Decorative Clouds

+ clouds at sunset Jen Melanson Aug 15 blogDo you watch the clouds? I do.

Looking up at the sky, I feel a connection with “above,” which simultaneously helps me feel grounded with the earth I’m standing on “below.”

My eyes drift up as I walk around my neighborhood, drive in my car, sit on the shore at the ocean. I love the variety, texture, colors of clouds. I appreciate the nurturing rain they bring, the dramatic snow. When they part and leave the sky blank and sapphire blue, I enjoy the contrast and wait for them to return.

One night, I heard the TV weatherman give his prediction for the next day, wrapping up his report by saying, “Tomorrow will be mostly clear with just a few decorative clouds in the sky.”

Decorative clouds…Was that a meteorological term I hadn’t heard before? Or was the weatherman just waxing poetic?

At any rate, I liked his word choice – decorative clouds – and carefully watched the sky the next day.

Sure enough, the clouds were decorative – the light, fluffy kind that don’t offer rain or much shade or anything beyond themselves. Gently, they drifted across the rich blue sky, decorating the horizon and heavens above with their wisps and puffy shapes.

Watching them, I thought about the temporary nature of clouds. My decorative clouds were never there for long – they lingered in the sky for a while and then moved on by. If I looked away for few minutes and looked back, their shape had changed or they’d disappeared all together.

It was a lesson in impermanence.

Clouds change all the time, as do larger weather patterns. The heavy, overcast stretches of grey eventually brighten; the gorgeous sunny days become subdued. A severe thunderstorm pounds us with hail and rain and then moves on. A blank, cloudless sky is decorated with a few clouds that drift in and create interest.

The weather always fluctuates; what remains constant is the sky itself, the atmosphere around the clouds. Taking off in a rainstorm, an airplane bursts through the heavy clouds into the upper atmosphere. Magically, oblivious to the weather below, all is clear and sunny.

The sky holds the space for it all.

I’d like to be like the sky, able to hold space for the changeable events and emotions that cloud and flow through my life. Seeing each event, emotion, and situation that comes along as temporary would help me avoid getting stuck in the fear that the hard things won’t pass. I might also feel less inclined to cling to the precious moments in my life, knowing that though they won’t last forever, that others will come along eventually.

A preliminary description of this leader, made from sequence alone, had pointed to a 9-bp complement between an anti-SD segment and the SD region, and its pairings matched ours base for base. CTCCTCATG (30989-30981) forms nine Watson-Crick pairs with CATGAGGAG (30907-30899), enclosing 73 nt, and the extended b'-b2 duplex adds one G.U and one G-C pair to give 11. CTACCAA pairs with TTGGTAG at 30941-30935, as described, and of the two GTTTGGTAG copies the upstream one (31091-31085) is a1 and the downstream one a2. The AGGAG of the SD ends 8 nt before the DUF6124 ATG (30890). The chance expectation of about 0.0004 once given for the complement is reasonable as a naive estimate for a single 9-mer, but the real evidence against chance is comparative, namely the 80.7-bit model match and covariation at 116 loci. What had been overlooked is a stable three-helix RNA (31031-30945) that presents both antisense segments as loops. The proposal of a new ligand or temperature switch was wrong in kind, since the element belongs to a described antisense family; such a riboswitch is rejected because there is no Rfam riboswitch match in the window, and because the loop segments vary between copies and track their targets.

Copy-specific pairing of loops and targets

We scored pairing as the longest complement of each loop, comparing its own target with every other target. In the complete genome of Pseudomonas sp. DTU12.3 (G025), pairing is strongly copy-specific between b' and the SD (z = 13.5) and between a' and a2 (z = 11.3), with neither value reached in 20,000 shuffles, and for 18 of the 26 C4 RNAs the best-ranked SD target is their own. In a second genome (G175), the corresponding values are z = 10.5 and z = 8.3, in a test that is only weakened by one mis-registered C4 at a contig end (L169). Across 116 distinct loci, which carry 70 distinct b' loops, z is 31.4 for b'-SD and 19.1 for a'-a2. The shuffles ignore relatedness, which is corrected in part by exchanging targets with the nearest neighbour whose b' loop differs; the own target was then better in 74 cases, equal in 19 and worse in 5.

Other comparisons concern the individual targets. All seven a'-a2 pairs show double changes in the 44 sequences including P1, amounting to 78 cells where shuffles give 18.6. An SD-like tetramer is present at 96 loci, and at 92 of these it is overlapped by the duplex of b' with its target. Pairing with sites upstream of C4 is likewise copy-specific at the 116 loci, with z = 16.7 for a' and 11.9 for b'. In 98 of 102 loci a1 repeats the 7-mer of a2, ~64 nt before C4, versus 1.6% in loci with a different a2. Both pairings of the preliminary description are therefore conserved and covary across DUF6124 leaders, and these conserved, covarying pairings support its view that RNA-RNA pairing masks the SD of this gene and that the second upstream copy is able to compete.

Eckhart Tolle offers us this perspective about some of the cloudy, stormy states of being that challenge us: “Boredom, anger, sadness, or fear are not ‘yours,’ not personal. They are conditions of the human mind. They come and go. Nothing that comes and goes is you.”

In this sense, what comes and goes is like the clouds. What remains is “you” – the sky surrounding the clouds; the sky which symbolizes Essence, Spirit, Love, holding all with neutrality, appreciating the impermanence.

Decorative clouds keep the landscape interesting, and so do the events that come along in our life. Admittedly, sometimes the landscape is more “interesting” than we might be comfortable with!

But, knowing what will change, and knowing that what doesn’t change is Spirit, we can watch the “clouds” with patience and love.


Photo: J. Melanson


  1. Great post, Janet. We must be on the same wavelength. I recently heard someone during a meditation i was doing talk about the sun above the clouds and i thought it would be a great title for a blog about moving through difficulty.

  2. This was a beautiful and wise essay…It put me in a meditative state just to read it. Thank you for sharing it!

    • Spiral Energies says

      The sky has a lot to teach us! Good to hear you had such a calm response. Thanks for commenting, Laura.

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